The study, co-authored with Claire Cardie, professor of computer and information science, has implications for online debaters looking to improve and for developers of artificial intelligence systems seeking to expose humans to different perspectives, Durmus said.


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Is online shopping AR’s killer app? • On my Om

Om Malik:


This week, I came across the Nike Fit, which seems like such a smart use of a much-hyped technology: augmented reality. Nike Fit allows you to point your phone at your feet and get the most accurate measurement. The size data that is collected enables you to find the right match for your foot from Nike’s mind-boggling array of shoe choices.

This is a product and use of technology that makes perfect sense. It affirms my confidence in the long-term prospects for AR and the possibilities of visual sensors. According to Nike’s PR, for what it’s worth, about “60% of people at any given time are walking around in the wrong size shoe.” And in North America alone, “half a million people complain about purchasing the wrong shoe size a year.”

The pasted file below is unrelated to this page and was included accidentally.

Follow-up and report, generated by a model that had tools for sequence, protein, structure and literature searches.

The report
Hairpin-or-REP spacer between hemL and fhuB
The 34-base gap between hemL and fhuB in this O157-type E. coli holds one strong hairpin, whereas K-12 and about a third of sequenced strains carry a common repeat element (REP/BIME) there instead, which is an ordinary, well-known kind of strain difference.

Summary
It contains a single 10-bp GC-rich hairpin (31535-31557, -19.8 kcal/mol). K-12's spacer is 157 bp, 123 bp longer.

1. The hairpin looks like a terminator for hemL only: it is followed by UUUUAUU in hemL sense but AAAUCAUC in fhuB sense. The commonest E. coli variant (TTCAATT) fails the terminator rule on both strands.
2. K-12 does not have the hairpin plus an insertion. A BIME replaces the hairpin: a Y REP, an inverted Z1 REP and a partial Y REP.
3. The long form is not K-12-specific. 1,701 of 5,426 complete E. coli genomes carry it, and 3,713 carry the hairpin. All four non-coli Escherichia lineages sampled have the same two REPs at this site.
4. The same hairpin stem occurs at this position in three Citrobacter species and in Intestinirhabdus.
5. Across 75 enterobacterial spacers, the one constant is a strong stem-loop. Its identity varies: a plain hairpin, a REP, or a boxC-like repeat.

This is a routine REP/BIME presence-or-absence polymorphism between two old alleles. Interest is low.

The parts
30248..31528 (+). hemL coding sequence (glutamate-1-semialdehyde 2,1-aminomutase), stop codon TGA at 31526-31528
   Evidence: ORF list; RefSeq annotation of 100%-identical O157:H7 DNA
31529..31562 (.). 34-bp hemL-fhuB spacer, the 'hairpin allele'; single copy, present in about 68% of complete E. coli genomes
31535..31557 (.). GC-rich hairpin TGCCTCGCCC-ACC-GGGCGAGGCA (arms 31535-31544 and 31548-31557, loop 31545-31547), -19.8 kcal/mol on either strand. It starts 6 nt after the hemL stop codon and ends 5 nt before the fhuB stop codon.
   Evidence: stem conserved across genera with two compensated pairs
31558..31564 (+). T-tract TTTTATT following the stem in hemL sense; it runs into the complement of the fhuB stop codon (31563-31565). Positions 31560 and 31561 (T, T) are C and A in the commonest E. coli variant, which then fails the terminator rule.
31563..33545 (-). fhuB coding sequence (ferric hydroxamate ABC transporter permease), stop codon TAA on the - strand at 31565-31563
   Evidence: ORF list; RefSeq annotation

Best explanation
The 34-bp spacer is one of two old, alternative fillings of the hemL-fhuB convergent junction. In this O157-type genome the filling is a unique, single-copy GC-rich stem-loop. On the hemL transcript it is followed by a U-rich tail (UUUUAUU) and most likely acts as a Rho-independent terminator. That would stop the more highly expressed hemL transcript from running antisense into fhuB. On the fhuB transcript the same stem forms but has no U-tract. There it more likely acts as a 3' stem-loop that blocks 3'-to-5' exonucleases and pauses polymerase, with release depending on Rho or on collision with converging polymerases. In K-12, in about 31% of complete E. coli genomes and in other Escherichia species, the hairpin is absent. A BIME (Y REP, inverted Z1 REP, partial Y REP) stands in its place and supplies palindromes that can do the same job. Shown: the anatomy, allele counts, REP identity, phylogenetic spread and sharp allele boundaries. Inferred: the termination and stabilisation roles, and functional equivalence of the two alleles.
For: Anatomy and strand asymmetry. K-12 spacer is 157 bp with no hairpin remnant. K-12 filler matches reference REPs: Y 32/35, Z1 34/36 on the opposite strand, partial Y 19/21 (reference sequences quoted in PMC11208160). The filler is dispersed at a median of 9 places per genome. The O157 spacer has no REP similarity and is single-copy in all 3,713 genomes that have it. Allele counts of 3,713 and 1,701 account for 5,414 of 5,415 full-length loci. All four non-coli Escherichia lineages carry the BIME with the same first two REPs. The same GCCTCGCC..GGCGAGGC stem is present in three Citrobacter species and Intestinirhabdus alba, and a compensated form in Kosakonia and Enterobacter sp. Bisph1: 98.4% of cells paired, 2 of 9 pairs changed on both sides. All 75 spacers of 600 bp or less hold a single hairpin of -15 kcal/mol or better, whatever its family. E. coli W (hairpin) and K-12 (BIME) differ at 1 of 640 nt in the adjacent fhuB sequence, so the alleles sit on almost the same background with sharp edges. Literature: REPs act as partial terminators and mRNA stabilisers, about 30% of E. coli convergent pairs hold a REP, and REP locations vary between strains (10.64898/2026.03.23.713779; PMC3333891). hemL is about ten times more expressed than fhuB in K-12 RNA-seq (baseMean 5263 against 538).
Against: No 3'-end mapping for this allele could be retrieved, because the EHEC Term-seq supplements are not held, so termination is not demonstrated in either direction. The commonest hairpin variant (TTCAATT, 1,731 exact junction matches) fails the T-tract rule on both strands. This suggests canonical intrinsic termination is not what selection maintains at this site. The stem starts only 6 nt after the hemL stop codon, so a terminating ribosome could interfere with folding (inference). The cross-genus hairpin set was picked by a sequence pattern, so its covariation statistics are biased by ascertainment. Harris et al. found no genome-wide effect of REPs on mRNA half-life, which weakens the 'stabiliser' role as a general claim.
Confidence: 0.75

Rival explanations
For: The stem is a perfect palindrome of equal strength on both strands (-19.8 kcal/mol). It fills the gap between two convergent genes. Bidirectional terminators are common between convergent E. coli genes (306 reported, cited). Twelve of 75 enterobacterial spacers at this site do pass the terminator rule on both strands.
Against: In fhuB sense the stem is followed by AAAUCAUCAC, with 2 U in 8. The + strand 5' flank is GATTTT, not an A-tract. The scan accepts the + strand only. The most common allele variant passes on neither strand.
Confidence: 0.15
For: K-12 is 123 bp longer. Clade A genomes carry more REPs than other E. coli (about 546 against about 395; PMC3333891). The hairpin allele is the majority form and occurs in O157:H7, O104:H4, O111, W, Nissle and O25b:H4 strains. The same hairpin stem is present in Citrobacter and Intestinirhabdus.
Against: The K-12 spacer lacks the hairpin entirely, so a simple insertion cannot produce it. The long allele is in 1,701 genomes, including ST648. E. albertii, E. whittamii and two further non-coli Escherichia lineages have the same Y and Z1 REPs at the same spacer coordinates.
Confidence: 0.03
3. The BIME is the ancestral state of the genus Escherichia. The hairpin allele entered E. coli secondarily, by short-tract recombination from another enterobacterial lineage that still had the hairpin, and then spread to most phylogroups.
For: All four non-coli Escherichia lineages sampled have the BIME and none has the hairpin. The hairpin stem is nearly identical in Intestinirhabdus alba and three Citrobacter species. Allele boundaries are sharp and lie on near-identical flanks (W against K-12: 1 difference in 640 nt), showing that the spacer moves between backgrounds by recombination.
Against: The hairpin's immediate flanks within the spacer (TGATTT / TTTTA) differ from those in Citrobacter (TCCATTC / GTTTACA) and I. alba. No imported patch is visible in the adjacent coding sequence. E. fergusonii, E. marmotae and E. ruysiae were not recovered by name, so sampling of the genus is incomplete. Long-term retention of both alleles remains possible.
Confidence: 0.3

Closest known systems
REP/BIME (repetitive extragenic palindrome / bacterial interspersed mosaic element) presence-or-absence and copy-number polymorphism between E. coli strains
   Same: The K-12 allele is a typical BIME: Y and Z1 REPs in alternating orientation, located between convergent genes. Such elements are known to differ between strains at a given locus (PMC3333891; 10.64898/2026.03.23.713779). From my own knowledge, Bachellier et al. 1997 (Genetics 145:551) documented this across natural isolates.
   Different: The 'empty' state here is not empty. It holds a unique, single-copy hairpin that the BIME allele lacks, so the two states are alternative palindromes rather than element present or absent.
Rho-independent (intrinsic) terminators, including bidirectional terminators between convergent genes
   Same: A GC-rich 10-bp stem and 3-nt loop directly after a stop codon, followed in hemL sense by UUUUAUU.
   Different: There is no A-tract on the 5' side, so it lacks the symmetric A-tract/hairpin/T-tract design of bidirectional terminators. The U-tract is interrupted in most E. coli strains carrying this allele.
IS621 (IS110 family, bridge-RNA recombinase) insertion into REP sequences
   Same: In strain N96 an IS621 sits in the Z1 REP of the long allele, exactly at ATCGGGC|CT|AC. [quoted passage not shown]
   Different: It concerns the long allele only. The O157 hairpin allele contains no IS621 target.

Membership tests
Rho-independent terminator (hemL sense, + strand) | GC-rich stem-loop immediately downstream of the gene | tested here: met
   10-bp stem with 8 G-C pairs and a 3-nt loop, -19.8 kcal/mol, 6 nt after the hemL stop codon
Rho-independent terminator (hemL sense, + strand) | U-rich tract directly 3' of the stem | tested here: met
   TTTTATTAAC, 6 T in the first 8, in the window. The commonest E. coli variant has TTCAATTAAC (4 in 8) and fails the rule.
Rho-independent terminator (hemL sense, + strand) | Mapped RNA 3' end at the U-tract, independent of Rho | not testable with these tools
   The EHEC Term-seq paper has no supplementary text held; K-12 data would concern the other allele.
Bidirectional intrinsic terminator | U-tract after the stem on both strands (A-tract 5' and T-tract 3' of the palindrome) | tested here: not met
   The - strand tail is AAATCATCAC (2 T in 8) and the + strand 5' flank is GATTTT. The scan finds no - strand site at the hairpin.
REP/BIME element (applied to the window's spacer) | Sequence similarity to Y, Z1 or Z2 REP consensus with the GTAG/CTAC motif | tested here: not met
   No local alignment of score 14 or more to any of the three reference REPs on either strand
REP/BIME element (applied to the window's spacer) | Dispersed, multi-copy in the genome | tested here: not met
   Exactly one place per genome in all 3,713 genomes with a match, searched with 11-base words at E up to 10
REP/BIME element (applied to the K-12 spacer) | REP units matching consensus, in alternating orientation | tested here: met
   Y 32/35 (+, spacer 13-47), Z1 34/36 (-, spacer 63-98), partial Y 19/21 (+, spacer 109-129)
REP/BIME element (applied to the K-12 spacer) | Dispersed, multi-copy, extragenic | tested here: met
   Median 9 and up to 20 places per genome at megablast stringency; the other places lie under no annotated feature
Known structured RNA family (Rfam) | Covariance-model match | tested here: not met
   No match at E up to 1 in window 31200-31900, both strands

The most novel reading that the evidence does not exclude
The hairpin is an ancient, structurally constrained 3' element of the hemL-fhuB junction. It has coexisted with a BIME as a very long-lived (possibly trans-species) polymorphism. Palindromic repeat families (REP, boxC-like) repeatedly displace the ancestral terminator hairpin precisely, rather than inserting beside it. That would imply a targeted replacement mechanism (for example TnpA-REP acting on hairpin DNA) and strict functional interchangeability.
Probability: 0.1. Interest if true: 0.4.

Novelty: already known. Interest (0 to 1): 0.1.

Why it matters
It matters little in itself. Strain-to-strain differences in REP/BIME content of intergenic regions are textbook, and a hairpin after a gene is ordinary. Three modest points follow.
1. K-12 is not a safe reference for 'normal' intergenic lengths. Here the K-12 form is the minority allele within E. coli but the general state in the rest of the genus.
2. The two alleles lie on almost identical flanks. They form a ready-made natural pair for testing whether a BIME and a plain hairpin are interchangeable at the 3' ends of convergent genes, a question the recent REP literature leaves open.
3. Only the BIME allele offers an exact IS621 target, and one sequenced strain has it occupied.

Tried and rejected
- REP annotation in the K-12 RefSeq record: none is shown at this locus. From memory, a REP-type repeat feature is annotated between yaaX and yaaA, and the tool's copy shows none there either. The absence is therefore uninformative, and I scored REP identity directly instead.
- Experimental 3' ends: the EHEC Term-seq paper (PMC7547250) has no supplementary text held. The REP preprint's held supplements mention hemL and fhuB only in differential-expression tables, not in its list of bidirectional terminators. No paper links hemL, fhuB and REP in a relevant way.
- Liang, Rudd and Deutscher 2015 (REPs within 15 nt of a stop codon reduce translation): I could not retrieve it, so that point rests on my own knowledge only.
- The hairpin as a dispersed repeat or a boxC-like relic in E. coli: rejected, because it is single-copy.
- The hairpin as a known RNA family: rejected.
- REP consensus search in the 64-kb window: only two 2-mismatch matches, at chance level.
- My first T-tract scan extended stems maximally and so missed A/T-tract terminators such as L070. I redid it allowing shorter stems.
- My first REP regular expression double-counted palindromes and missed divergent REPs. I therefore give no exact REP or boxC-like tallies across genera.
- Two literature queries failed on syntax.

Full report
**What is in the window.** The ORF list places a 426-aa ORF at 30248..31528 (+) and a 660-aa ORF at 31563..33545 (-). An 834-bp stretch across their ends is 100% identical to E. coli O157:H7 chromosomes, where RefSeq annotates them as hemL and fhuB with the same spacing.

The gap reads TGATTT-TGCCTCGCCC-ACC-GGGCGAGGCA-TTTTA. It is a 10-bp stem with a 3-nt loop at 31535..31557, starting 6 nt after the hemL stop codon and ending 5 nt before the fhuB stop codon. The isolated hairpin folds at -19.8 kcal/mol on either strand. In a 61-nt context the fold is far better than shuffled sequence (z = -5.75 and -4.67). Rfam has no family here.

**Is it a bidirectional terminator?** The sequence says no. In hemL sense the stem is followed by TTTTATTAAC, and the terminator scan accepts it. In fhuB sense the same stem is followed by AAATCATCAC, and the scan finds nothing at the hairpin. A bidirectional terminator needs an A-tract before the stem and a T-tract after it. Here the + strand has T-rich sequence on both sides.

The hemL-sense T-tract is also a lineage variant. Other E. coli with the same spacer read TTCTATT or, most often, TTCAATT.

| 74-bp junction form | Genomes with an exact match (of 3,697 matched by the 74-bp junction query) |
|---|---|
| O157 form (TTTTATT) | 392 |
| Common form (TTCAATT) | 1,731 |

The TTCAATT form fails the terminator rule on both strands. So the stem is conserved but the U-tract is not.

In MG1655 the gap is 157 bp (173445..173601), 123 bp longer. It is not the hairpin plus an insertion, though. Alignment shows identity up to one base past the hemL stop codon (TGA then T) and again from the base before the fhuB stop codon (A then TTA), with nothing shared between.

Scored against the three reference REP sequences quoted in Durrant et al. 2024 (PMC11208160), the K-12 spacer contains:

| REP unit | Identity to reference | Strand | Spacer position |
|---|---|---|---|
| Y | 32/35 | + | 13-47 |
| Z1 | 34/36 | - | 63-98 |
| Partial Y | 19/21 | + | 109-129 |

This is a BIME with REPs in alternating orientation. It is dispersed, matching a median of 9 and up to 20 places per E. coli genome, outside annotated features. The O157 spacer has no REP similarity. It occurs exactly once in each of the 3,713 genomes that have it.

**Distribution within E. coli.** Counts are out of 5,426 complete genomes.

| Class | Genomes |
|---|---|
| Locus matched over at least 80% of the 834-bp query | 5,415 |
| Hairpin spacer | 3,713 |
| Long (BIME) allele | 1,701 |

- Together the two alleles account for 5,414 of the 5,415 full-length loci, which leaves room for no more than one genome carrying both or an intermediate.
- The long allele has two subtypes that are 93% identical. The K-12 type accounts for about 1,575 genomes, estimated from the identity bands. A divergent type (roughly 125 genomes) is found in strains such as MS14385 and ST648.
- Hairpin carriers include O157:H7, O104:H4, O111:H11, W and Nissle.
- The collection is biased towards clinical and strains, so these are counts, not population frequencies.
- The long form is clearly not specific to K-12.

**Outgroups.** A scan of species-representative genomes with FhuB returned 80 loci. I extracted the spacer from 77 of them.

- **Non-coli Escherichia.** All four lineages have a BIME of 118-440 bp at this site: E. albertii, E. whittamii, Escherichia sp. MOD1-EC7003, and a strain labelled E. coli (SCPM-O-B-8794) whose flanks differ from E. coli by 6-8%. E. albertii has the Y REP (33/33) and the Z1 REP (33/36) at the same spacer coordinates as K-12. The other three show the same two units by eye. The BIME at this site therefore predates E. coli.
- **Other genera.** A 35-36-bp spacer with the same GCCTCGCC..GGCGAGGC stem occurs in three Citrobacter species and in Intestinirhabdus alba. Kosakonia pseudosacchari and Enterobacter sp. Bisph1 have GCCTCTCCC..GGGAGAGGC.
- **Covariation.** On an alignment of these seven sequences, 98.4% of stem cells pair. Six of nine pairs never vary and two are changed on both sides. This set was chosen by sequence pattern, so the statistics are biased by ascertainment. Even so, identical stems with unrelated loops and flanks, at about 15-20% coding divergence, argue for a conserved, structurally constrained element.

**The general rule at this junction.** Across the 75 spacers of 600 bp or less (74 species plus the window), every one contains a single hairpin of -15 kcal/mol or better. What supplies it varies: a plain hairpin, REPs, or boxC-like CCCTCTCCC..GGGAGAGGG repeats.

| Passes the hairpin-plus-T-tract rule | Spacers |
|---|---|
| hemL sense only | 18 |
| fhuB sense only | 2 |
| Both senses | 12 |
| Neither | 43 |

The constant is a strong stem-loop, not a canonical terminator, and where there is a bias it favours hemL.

In the past, we would go to a store, where a clerk would measure our foot using the Brannock Device to determine the correct fit. It would take him a trip back or two to the storeroom to find the right shoe. But we don’t go to the stores all that much anymore. Instead, we increasingly shop online and get everything shipped to our homes.


My initial reaction was that this is a “no”, but then again we do adapt to unusual ways of doing things. It would be good to be able to be certain of getting the right size of anything like that. Of course there’s the question of what that does to the high street. Nothing good, probably.
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YouTubers and record labels are fighting, and record labels keep winning • The Verge

Julia Alexander:


The Guitar Manifesto hasn’t had videos taken down, but it has had labels claim revenue from its videos. “It seems to be a big thing at the moment where a bunch of guitar channels are getting claims put against their videos due to copyright infringement,” Rob says. Even playing 10 seconds of music in a 30-minute video can lead to a record label getting all the money it takes in. Rob said he relies heavily on advertising revenue and will often go in to edit segments out that YouTube dinged him for in order to monetize videos.